The conditions for relief set forth in the Proposed Exemptive Order are discussed in theFederal Registerrelease published on July 24, 2012, 77 FR 43271.

B. Request for Public Comments

Under the PRA, Federal agencies must obtain OMB approval for each collection of information they conduct or sponsor. “Collection of Information” is defined in 44 U.S.C. 3502(3) and 5 C.F.R. 1320.3 and includes agency requests or requirements that members of the public submit reports, keep records, or provide information to a third party. Section 3506(c)(2)(A) of the PRA, 44 U.S.C. 3506(c)(2)(A), requires Federal agencies to provide a 60-day notice in theFederal Registerconcerning each proposed collection of information, including each proposed extension of an existing collection of information, before submitting the collection to OMB for approval. To comply with this requirement, the CFTC is publishing notice of the proposed collection of information listed below. An agency may not conduct or sponsor, and a person is not required to respond to, a collection of information unless it displays a currently valid control number. If adopted, the collection of information would be required in order for the registrant to rely on the exemptive relief. The Commission would protect proprietary information in accordance with the Freedom of Information Act and 17 CFR part 145, “Commission Records and Information.” In addition, § 8(a)(1) of the Act strictly prohibits the Commission, unless specifically authorized by the Act, from making public “data and information that would separately disclose the business transactions or market positions of any person and trade secrets or names of customers.”6 The Commission is also required to protect certain information contained in a government system of records according to the Privacy Act of 1974, 5 U.S.C. 552a.

67 U.S.C. 12(a)(1).

With respect to the proposed extension of the collection of information described herein, the CFTC invites comments on:

• Whether the proposed collection of information is necessary for the proper performance of the functions of the Commission, including whether the information will have a practical use;

• The accuracy of the Commission's estimate of the burden of the proposed collection of information, including the validity of the methodology and assumptions used;

• Ways to enhance the quality, usefulness, and clarity of the information to be collected; and

• Ways to minimize the burden of collection of information on those who are to respond, including through the use of appropriate automated electronic, mechanical, or other technological collection techniques or other forms of information technology; e.g., permitting electronic submission of responses.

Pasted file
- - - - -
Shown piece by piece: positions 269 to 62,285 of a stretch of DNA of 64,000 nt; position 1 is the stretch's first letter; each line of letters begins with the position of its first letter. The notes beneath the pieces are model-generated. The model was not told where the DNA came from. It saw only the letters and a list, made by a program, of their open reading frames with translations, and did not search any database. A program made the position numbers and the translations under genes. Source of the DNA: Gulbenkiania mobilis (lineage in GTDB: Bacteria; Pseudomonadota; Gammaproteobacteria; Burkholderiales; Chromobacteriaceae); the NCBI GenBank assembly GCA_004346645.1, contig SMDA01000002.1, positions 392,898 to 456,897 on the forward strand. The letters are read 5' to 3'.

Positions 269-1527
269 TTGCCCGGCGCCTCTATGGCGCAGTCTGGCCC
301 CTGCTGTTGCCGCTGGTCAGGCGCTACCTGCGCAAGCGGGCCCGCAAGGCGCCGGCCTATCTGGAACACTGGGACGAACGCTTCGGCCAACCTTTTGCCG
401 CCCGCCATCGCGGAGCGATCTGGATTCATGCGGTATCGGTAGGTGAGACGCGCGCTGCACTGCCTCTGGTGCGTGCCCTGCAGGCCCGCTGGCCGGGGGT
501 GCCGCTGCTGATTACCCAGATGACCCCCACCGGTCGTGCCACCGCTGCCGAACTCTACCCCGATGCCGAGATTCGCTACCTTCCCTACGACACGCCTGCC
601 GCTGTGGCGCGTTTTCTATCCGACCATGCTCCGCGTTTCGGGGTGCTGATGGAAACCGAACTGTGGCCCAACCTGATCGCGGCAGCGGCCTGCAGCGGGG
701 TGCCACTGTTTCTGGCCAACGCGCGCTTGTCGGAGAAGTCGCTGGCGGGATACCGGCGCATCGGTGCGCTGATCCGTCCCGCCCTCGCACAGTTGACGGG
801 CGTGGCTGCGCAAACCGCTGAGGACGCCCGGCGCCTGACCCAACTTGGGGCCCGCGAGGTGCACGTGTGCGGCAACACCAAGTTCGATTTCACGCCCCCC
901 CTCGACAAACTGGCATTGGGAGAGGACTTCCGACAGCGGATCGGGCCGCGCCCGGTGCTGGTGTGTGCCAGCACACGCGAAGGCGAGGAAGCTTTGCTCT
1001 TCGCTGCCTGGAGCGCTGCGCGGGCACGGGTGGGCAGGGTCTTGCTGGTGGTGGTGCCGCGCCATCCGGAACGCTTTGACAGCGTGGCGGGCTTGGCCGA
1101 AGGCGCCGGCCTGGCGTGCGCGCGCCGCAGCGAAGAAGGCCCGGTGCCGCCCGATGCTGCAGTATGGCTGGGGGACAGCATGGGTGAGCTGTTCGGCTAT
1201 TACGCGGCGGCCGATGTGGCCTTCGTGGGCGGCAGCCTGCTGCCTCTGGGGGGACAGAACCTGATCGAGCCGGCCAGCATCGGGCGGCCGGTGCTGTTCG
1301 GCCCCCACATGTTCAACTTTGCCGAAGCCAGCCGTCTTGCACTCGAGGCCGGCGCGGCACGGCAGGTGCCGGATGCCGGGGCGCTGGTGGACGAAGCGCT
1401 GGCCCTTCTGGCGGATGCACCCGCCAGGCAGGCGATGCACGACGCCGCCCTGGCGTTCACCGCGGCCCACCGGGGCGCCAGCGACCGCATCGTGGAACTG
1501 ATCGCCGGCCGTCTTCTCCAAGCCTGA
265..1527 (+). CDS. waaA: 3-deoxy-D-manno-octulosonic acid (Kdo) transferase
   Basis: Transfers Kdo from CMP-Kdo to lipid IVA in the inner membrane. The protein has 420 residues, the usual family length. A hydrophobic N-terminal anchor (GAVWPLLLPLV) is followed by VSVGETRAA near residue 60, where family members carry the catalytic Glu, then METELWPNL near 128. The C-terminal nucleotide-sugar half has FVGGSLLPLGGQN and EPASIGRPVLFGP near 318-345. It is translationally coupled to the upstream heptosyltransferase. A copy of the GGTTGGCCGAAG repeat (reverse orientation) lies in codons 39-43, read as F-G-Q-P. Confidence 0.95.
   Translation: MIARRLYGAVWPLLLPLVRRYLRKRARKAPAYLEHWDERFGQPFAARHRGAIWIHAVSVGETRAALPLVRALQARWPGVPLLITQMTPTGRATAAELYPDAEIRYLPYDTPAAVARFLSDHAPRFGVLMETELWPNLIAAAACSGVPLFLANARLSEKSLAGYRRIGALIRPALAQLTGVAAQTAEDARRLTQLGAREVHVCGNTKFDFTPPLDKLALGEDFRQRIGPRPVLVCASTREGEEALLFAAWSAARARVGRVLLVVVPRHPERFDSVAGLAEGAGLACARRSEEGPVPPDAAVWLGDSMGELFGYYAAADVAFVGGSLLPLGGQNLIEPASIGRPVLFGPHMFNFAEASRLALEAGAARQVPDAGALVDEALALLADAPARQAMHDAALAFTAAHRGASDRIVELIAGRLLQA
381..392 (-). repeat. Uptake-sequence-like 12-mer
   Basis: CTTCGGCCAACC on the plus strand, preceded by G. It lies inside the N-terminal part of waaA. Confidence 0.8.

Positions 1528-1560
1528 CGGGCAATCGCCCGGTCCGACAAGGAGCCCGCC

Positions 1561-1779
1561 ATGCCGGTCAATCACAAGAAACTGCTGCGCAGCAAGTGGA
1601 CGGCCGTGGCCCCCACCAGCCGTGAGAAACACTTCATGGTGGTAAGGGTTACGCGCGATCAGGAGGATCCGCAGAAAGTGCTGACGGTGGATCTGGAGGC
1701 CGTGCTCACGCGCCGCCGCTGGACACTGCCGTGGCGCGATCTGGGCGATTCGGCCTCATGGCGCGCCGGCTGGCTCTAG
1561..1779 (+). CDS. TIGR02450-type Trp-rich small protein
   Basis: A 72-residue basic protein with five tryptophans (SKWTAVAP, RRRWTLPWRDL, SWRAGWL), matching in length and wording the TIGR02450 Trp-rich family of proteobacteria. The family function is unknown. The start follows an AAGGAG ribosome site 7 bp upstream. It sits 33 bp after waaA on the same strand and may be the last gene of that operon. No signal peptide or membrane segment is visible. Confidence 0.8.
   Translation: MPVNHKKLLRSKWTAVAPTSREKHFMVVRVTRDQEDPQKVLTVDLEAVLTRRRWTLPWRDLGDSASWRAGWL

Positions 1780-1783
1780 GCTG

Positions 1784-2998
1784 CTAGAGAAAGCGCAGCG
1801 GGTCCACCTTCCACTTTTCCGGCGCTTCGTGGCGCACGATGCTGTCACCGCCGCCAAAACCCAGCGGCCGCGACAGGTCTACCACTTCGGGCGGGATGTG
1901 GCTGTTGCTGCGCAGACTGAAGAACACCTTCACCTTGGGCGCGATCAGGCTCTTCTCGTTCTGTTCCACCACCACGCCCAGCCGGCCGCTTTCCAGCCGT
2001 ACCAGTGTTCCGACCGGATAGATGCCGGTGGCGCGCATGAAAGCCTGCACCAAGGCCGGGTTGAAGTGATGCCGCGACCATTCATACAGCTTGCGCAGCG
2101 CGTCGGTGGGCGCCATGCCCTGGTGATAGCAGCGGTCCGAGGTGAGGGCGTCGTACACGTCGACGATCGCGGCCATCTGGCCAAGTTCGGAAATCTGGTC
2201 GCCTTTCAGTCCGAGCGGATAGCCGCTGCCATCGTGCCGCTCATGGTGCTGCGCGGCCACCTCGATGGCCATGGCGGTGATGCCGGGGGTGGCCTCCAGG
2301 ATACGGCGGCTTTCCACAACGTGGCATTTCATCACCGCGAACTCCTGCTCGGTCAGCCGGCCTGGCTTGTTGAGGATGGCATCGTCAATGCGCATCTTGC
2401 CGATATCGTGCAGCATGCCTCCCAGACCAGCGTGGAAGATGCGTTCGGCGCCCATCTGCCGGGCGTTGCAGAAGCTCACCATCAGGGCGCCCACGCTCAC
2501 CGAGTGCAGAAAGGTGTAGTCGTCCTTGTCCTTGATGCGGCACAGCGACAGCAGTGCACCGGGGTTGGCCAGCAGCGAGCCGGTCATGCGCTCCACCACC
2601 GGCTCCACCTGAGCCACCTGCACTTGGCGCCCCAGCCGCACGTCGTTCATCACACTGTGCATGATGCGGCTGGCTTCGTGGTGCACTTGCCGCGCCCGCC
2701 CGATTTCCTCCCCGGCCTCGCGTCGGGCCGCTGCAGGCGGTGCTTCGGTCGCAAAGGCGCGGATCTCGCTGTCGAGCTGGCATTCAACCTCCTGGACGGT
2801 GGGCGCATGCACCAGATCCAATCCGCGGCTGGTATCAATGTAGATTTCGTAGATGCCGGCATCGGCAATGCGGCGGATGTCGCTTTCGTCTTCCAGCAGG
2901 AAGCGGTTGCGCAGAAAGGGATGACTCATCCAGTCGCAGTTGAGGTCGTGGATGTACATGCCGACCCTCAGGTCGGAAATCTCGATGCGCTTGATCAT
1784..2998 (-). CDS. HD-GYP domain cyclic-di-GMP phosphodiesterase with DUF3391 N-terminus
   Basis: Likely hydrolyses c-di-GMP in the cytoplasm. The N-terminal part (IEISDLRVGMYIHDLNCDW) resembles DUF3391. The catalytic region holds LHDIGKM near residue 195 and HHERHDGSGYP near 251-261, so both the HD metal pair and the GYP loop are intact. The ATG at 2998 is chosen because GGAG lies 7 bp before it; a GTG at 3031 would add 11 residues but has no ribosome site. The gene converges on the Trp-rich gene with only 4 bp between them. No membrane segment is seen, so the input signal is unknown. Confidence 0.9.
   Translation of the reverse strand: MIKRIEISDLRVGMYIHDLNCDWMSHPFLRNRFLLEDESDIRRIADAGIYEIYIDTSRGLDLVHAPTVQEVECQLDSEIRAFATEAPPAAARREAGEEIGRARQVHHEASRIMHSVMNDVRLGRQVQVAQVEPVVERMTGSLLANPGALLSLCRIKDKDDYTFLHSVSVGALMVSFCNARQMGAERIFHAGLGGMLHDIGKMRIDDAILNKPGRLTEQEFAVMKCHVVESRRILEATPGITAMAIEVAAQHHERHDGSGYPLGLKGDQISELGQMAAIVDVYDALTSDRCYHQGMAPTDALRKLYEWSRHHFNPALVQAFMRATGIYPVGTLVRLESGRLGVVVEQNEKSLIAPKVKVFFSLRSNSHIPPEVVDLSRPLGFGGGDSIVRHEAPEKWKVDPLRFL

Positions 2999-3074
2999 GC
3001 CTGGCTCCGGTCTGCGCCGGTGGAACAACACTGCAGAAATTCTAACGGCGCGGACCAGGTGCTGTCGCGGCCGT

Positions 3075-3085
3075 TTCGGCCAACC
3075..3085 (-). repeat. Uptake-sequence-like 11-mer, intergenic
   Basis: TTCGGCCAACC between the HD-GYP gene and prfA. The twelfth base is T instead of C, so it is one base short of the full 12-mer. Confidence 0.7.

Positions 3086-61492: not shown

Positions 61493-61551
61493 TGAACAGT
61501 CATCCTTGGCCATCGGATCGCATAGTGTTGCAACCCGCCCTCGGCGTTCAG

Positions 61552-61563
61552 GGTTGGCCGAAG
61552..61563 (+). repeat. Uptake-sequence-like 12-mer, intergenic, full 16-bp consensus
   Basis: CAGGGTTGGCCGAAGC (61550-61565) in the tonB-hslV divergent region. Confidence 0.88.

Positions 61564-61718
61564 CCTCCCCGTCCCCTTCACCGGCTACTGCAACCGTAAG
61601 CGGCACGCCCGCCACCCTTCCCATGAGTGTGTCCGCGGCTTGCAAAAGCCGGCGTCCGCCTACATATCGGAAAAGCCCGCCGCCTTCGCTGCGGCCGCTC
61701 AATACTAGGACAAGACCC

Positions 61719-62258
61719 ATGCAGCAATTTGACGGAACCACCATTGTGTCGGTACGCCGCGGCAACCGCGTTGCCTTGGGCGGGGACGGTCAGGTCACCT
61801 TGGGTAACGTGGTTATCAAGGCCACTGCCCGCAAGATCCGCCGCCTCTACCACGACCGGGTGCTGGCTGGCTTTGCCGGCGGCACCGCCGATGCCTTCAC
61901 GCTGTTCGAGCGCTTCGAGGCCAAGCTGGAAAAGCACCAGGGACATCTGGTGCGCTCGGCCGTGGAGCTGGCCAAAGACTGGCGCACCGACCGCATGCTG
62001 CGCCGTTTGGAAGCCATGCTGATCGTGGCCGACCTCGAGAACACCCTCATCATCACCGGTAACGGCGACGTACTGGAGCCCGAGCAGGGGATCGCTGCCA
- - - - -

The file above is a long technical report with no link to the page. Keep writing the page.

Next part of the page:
II. Purpose and Proposed Use of Information Collected

The subject information collection ensures that non-U.S. SDs and non-U.S. MSPs claiming an exemption from certain entity-level and transaction-level requirements under the CEA (and Commission regulations promulgated thereunder) would be actively and demonstrably considering and planning for compliance with such entity-level and transaction-level requirements, as may be applicable, by requiring the filing of a compliance plan (and any amendments thereto). In addition, the subject information collection ensures that U.S. SDs and U.S. MSPs claiming an exemption, on behalf of their foreign branches, with respect to transaction-level requirements under the CEA are similarly making a good-faith effort to comply with these requirements by requiring the filing of a compliance plan (and any amendments thereto).

On July 24, 2012, the Commission invited interested parties to comment on any aspect of the information collection titled “Exemptive Order Regarding Compliance with Certain Swap Regulations,” OMB Control No. 3038-0098. See 77 FR 43271. The Commission did not receive any comments on its burden estimates or on any other aspect of the information collection requirements contained in the PRA Exemptive Order Comment Request. The Commission requested and obtained OMB approval under the PRA emergency clearance process for the subject information collection because the exemptive relief process is essentialto the mission of the agency and must be in place before the date the registration requirements for SDs and MSPs under other Dodd-Frank Act implementing regulations become mandatory. This notice requests extension of OMB's original approval for a period of three (3) years utilizing OMB's standard clearance procedures in accordance with the Paperwork Reduction Act of 1995.